Kenyan prolific author and thinker 'A towering academician whose intellectual contributions played a major role in shaping African scholarship' Ali Mazrui was a scholar, thinker and prolific Kenyan author. He set off a tsunami of criticism in 1986 by writing and hosting 'The Africans: A Triple Heritage,' a public television series that culminated in what seemed to be an endorsement of African nations' acquiring nuclear weapons. The common theme, however, of the nine-part documentary was the impact on the continent of three distinct influences - indigenous African culture, Islam and Christianity. He painted a forceful picture of the damage done by colonialism. In the context of nation-building Ali Mazrui stood for the importance of critical thinking and free speech. He believed in African socialism. He was vociferous in his attacks against western cultural imperialism taking hold in Africa and Muslim world. He was also a scathing critic of the 'American arrogance of power in world politics'. Always willing to confront contentious issues Professor Mazrui's books and his hundreds of scholarly articles explored topics like African politics, international political culture, political Islam and globalisation. He was for many years a professor at the University of Michigan, and since 1989 had held the Albert Schweitzer chair at Binghamton University, State University of New York. Professor Mazrui was president of the Association of Muslim Social Scientists of North America and president of the African Studies Association of the United States. He advised the United Nations and the World Bank. He served on a number of international academic bodies and received numerous awards. Born Ali al-Amin Mazrui in Mombasa, he was the son of an eminent scholar and the chief Islamic judge of Kenya. He obtained a bachelor's degree from the University of Manchester, a master's from Columbia in New York and, in 1966, a doctorate from Oxford. He passed away at his home in Vestal, New York.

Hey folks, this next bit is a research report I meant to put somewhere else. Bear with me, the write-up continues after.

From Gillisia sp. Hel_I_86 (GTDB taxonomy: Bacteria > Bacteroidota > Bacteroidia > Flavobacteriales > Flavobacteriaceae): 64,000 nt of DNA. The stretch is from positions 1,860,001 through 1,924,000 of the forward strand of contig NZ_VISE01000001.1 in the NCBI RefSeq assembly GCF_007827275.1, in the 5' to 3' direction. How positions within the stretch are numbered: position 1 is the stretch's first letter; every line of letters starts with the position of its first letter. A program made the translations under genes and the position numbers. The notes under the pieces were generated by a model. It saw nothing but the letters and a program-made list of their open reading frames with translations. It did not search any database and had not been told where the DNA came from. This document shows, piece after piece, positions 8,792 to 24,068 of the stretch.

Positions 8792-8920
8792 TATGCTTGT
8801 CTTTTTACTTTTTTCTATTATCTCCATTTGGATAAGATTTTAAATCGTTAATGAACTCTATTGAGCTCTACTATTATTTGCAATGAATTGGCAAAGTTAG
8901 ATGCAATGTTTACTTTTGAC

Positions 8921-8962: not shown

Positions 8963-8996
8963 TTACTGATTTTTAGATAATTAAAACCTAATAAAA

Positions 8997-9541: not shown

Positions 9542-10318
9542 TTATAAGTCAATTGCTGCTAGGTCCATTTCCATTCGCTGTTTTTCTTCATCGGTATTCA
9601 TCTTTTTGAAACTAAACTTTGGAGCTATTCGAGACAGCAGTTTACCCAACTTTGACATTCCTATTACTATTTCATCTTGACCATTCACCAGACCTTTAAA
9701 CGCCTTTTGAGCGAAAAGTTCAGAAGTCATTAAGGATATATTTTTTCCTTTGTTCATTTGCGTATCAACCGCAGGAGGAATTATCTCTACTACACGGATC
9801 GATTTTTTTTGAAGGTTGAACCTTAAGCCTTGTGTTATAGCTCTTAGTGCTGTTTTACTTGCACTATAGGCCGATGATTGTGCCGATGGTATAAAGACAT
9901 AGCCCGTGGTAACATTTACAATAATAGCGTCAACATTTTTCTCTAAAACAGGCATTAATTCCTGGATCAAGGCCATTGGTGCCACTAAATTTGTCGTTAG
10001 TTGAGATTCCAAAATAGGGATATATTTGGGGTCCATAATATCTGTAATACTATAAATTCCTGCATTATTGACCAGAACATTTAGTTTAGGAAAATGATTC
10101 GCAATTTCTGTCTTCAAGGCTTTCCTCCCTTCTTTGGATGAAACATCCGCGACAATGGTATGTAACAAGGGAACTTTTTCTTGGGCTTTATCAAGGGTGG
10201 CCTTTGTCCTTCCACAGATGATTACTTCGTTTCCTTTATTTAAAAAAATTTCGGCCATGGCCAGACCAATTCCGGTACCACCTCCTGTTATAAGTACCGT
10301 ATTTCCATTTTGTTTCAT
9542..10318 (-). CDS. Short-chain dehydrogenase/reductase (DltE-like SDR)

Compiler: M. Nauman Khan